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3 share Nobel Prize in chemistry for tiniest machines


    The Royal Academy of Sciences members, from left to right, Professor Sara Snogerup Linse, Professor Goran K Hansson and Professor Olof Ramstrom present the 2016 Nobel Chemistry Prize at the Royal Swedish Academy of Sciences, in Stockholm, Sweden, Wednesday, Oct. 5, 2016. Jean-Pierre Sauvage, Fraser Stoddart and Bernard Feringa have been awarded the Nobel chemistry prize.

The Nobel Prize in chemistry has been awarded to three scientists who helped develop the smallest machines known to man.

They are Frenchman Jean-Pierre Sauvage, 71, of the University of Strasbourg; British-born Fraser Stoddart, a 74-year-old chemistry professor at Northwestern University in Illinois in the United States; and Dutch scientist Bernard “Ben” Feringa, 65, a professor of organic chemistry at the University of Groningen, the Netherlands.

Here’s a look at why they won and the importance of their achievements:


The Royal Swedish Academy of Sciences said the three developed tiny molecular machines that will likely be used for the development of new computer chips, batteries and energy storage systems. They are credited with designing and synthesizing molecules with controllable movements that can perform tasks when energy is added. It is almost impossible to imagine how small the machines are — roughly one thousand times smaller than the width of a strand of human hair.


Alison Stoddart, the chemist daughter of Fraser Stoddart, said her father called her and was “absolutely ecstatic” about the news.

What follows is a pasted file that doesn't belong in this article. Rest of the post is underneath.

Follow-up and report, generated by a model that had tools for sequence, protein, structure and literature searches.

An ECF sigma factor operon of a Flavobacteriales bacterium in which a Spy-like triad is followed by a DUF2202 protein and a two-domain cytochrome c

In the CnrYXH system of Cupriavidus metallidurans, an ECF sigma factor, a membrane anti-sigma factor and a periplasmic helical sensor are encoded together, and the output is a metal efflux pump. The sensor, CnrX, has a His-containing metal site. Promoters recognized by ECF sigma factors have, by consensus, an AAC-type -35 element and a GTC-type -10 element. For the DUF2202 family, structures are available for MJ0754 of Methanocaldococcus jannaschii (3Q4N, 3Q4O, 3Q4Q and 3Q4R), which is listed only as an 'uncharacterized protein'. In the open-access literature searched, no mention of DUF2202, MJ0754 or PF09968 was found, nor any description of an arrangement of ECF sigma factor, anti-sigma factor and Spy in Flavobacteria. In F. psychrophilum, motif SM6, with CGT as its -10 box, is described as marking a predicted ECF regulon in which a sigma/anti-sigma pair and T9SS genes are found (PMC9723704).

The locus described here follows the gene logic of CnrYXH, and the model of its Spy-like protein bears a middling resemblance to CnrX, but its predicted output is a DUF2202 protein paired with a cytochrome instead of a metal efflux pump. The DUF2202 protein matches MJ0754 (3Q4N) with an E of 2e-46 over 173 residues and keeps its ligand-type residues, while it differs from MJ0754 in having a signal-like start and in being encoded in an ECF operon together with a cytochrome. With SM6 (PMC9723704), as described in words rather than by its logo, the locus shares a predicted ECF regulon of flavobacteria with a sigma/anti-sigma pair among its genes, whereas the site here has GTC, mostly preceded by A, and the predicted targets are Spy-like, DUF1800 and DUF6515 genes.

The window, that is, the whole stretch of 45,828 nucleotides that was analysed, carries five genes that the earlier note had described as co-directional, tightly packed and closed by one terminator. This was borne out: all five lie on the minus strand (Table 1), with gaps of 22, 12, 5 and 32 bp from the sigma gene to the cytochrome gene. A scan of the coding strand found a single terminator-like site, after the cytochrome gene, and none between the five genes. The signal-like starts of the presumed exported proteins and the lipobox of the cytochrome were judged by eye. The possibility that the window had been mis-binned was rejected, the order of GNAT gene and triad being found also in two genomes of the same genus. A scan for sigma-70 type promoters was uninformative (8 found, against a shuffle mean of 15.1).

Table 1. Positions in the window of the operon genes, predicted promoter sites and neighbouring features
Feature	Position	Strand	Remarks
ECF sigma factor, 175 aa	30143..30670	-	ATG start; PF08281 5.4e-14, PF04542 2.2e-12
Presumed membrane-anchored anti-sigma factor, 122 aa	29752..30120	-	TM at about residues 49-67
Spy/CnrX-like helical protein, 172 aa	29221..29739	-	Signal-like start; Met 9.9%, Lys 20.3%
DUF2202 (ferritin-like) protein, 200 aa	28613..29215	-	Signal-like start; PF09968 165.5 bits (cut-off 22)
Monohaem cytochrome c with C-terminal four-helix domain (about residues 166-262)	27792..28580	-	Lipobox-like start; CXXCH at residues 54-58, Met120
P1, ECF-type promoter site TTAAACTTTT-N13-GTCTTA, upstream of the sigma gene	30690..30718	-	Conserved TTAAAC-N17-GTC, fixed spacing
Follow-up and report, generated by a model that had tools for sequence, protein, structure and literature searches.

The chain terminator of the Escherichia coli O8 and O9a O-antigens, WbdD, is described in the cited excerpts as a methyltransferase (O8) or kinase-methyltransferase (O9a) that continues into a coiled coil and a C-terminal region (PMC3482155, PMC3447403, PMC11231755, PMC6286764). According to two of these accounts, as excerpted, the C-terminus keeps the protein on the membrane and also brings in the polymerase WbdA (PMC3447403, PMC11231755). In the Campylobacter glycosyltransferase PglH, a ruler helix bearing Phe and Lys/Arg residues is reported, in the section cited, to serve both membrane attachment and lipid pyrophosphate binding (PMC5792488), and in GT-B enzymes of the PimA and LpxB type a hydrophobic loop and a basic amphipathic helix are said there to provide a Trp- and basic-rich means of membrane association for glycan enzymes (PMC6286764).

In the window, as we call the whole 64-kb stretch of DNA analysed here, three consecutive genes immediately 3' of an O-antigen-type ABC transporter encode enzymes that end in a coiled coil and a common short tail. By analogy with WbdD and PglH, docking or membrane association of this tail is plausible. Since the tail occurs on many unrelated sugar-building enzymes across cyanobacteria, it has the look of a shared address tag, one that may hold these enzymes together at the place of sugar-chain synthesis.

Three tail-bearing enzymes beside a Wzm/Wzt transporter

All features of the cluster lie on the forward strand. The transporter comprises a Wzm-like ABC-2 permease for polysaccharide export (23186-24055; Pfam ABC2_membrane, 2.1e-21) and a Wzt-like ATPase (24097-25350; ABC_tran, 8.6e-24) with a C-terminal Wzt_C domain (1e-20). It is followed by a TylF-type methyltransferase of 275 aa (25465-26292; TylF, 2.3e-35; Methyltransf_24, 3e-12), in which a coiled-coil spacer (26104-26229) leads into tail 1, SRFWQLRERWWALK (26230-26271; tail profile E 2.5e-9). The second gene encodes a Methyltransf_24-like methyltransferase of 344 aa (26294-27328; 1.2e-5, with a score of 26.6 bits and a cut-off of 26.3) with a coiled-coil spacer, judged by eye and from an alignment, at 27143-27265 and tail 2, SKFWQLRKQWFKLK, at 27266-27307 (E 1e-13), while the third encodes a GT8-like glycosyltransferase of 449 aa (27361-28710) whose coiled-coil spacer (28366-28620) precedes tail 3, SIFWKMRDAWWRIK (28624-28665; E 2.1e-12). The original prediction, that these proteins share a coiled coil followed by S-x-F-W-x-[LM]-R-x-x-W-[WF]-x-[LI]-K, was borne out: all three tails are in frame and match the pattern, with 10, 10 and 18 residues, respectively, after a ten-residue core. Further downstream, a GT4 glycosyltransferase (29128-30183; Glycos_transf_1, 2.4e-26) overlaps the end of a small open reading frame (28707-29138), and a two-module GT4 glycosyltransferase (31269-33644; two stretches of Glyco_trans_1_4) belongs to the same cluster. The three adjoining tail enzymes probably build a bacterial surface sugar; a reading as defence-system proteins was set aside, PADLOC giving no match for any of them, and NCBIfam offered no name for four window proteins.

She said she was pleased to see the promising work of the three laureates recognized.

“It’s just really lovely, it’s fundamental chemistry; it’s synthesis in making these machines. … What it could make in years to come is very exciting,” she told The Associated Press by telephone from Cambridge, England.

“They just make really interesting molecules and they love doing it and it’s just really nice they won together,” she said.

French Prime Minister Manuel Valls praised Sauvage for his “avant-garde” research and phenomenal results.

“French research has once again been celebrated with a Nobel Prize,” he tweeted.

Sauvage told French TV the award had not been anticipated.

“It’s obviously a memorable moment of happiness and a big surprise,” he said. “I was not expecting at all to be one of the lucky prize winners this year, or even in the future.”


The Nobel Prize carries with it an 8 million kronor ($930,000) prize in addition to a medal and a diploma that is handed out at the award ceremonies each December. The chemistry prize is the last of three science prizes to be awarded. Still to come are awards for literature and economics and the Nobel Peace Prize.

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